Sara So1,2, Rafael Lancelotta3, Joseph P Barsuglia4, Roland R Griffiths2, Alan K. Davis2,
1Johns Hopkins University, Bloomberg School of Public Health, 2 Johns Hopkins University School of Medicine, Psychedelic Research Unit
3University of Wyoming, Counseling Department, 4 New School Research
When administered in a naturalistic group setting, 5-MeO-DMT appears to be associated with spontaneous and unintended
improvements in self-reported depression and anxiety (approximately 80%), which were related to more intense acute mystical effects
and increases in ratings of the personal meaning and spiritual significance of the 5-MeO-DMT session, as well as higher ratings of the
degree to which the session contributed to improved well-being and life satisfaction. These results are consistent with laboratory
studies that found positive psychotherapeutic effects of tryptamines as an adjunct to supportive psychotherapy (5-8) and suggests the
importance of the acute mystical effects of psychedelic substances as one of the mechanisms by which they exert psychotherapeutic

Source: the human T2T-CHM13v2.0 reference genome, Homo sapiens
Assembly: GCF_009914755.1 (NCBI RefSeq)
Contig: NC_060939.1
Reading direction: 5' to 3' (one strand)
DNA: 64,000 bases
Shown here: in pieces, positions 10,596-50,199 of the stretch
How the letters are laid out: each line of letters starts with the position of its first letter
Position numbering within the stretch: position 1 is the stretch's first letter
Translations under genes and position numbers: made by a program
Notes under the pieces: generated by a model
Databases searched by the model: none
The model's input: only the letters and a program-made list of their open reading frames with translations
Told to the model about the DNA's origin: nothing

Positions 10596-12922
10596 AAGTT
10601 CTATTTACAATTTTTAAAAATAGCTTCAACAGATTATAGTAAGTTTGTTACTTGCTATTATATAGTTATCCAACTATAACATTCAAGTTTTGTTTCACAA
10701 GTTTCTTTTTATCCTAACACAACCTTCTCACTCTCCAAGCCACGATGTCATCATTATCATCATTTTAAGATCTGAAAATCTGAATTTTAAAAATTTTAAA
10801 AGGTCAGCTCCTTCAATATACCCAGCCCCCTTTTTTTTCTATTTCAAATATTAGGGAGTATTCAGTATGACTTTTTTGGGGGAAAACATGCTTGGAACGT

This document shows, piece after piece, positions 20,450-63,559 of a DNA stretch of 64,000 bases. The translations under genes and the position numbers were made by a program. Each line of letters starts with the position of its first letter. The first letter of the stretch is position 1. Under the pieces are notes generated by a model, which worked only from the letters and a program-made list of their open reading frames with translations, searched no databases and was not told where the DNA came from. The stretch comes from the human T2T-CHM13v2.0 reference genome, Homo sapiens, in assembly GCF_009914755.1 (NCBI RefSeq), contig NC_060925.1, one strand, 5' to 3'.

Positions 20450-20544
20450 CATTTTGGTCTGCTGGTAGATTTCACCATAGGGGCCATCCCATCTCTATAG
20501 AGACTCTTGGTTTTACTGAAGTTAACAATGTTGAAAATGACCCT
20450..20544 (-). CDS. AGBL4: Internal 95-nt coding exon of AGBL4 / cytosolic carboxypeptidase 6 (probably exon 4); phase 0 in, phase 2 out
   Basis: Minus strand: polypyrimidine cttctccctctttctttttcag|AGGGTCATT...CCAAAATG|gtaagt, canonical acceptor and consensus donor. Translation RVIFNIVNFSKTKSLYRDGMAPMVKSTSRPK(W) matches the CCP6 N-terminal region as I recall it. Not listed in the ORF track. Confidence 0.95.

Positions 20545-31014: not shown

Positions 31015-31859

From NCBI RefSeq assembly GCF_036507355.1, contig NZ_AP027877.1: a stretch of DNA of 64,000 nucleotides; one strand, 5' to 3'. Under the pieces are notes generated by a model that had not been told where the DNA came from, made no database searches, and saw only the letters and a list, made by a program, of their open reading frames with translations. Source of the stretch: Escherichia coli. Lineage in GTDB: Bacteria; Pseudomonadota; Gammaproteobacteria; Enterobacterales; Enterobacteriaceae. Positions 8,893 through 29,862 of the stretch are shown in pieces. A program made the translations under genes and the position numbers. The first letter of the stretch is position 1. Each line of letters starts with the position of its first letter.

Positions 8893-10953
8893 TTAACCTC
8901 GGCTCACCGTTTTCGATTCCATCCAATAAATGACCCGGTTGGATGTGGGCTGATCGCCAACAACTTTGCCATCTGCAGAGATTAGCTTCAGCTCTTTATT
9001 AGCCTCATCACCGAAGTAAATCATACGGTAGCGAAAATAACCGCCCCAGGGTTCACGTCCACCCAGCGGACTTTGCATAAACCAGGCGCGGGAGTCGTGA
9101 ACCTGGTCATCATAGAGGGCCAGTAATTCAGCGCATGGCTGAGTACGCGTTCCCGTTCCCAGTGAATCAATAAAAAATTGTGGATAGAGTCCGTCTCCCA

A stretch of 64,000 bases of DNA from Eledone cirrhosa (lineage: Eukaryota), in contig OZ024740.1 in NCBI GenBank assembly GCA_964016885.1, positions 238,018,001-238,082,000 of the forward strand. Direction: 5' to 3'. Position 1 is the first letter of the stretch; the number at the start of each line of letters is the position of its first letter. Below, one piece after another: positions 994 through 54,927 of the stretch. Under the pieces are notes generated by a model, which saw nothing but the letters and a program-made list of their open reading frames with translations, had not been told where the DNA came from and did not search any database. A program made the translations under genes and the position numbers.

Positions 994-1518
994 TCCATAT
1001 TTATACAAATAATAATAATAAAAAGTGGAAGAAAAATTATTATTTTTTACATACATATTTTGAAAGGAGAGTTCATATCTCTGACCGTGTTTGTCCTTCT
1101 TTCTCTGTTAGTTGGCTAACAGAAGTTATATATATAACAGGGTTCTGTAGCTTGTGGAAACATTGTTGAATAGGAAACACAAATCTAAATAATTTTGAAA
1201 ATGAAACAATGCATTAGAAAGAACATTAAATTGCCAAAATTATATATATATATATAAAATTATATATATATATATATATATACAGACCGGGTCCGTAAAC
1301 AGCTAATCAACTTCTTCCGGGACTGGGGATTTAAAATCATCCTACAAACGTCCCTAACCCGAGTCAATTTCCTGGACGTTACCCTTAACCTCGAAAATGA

effects (8-11).
References
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Mystical Positive Mood Transcendence Ineffability MEQ Total Score
Cognitive & Emotional Mystical Experiences – Depression Group
Better Not Better
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Mystical Positive Mood Transcendence Ineffability MEQ Total Score
Cognitive & Emotional Mystical Experiences – Anxiety Group
Better
Not Better
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Isolation Fear Grief Physical
Distress
Insanity Death/Dying Paranoia CEQ Total
Score
Challenging Cognitive & Physical Experiences – Depression Group
Better Not Better
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1
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Isolation Fear Grief Physical
Distress
Insanity Death/Dying Paranoia CEQ Total
Score
Challenging Cognitive & Physical Experiences – Anxiety Group
Better Not Better
0
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Personal Meaning Spiritual Significance Subjective Wellbeing